State Bar of Wisconsin Return to wisbar.org Wisconsin Employment Relations Commission Decisions


Download this document in Adobe PDF

STATE OF WISCONSIN

BEFORE THE WISCONSIN EMPLOYMENT RELATIONS COMMISSION

MILWAUKEE DISTRICT COUNCIL 48, AFSCME, AFL-CIO

and its affiliated LOCALS 170, 567, 594, 645, 882, 1055, 1654, 1656, Complainant,

vs.

MILWAUKEE COUNTY, Respondent.

Case 551

No. 63952

MP-4046

Decision No. 30970-A

Appearances:

Mark Sweet, Attorney at Law, 705 E. Silver Spring Drive, Milwaukee, Wisconsin 53217, appearing on behalf of the Union.

Timothy R. Schoewe Deputy Corporation Counsel, Milwaukee County, Milwaukee County Courthouse, Room 303, 901 North Ninth Street, Milwaukee, Wisconsin 53233, appearing on behalf of the County.

FINDINGS OF FACT,

CONCLUSIONS OF LAW AND ORDER

On April 20, 2004, the Complainant filed a complaint with the Wisconsin Employment Relations Commission alleging that the Respondent committed a prohibited practice and violated Sections 111.70(3)(a)1, 3, 4 and 5, Wis. Stats., by failing to apply a two percent bonus to certain employees. The Commission appointed Karen J. Mawhinney, a member of its staff, to act as Examiner, to make an issue Findings of Fact, Conclusions of Law and Order as provided in Sec. 111.07(5), Stats. A hearing was held on September 29, 2004, in Milwaukee, Wisconsin, and the parties completed filing briefs on January 13, 2005.

Dec. No. 30970-A

Page 2

Dec. No. 30970-A

FINDINGS OF FACT

1. The Complainant is a labor organization (herein called the Union) with its offices at 3427 West St. Paul Avenue, Milwaukee, Wisconsin 53208.

2. The Respondent is a municipal employer (herein called the County or Employer) with its offices at 901 North Ninth Street, Milwaukee, Wisconsin 53233.

3. The Union and the County are parties to a 2001-2004 collective bargaining agreement that provides for wage rates for employees. It also provides for a grievance and arbitration procedure for disputes arising out of the interpretation, application or enforcement of the bargaining agreement. Part 4 of the bargaining agreement states in relevant part:

. . .

4:02 GRIEVANCE PROCEDURE

The County recognizes the right of an employe to file a grievance, and will not discriminate against any employe for having exercised their rights under this section.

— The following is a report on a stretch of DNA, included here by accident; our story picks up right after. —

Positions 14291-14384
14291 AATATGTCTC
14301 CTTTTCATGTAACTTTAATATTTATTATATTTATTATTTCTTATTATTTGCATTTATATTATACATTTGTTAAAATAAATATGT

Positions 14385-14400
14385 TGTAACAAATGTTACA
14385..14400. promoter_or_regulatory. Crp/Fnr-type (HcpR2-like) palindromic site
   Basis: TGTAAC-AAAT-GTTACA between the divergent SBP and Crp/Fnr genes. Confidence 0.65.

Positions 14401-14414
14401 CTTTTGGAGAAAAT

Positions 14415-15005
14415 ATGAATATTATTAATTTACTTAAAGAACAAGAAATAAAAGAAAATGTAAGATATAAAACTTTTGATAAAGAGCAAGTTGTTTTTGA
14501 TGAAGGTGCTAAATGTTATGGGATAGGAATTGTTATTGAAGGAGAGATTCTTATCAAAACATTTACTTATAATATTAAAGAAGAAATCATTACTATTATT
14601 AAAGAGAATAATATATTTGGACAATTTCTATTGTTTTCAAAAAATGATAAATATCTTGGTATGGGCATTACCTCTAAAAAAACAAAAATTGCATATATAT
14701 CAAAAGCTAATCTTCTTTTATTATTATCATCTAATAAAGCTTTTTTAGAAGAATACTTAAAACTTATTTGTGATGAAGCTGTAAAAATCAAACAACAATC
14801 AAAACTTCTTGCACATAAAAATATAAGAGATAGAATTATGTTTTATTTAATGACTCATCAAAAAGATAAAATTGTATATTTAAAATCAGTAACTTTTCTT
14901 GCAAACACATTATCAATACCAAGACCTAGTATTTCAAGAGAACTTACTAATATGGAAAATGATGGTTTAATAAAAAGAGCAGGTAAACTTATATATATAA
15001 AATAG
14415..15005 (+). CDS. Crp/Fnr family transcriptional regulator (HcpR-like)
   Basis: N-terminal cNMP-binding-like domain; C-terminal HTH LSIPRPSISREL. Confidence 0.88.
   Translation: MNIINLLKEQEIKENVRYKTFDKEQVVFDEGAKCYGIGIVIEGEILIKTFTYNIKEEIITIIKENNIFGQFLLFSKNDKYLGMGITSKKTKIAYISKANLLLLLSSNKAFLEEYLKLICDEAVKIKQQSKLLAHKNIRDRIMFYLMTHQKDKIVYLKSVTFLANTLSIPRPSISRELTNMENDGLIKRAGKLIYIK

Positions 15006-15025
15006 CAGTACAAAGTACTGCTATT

(1) APPLICATION The grievance procedure shall not be used to change existing wage schedules, hours of work, working conditions, fringe benefits and position classifications established by ordinances and rules which are matters processed under existing procedures. Only matters involving the interpretation, application or enforcement of the terms of this Agreement shall constitute a grievance.

. . .

(5) SETTLEMENT OF GRIEVANCES It is further agreed that the County and the Union shall make every reasonable effort to resolve employe grievances at the lowest possible level of the procedure. Any grievance shall be considered settled at the completion of any step in the procedure if all parties concerned are mutually satisfied. Dissatisfaction is implied in recourse from one step to the next.

. . .

(7) STEPS IN THE PROCEDURE

. . .

(b) STEP 2

1. The Director of Labor Relations or his/her designee shall attempt to resolve all grievances timely appealed to the second step. The Director of Labor Relations or his/her designee shall respond in writing to the Union within thirty (30) working days from the date of receipt by the Director of Labor Relations of the step 1 appeal.

Page 3

Dec. No. 30970-A

2. In the event the Director of Labor Relations or his/her designee and the appropriate Union Representative mutually agree to a resolve of the dispute, it shall be reduced to writing and binding upon all parties and shall serve as a bar to further appeal.

. . .

(c) STEP 3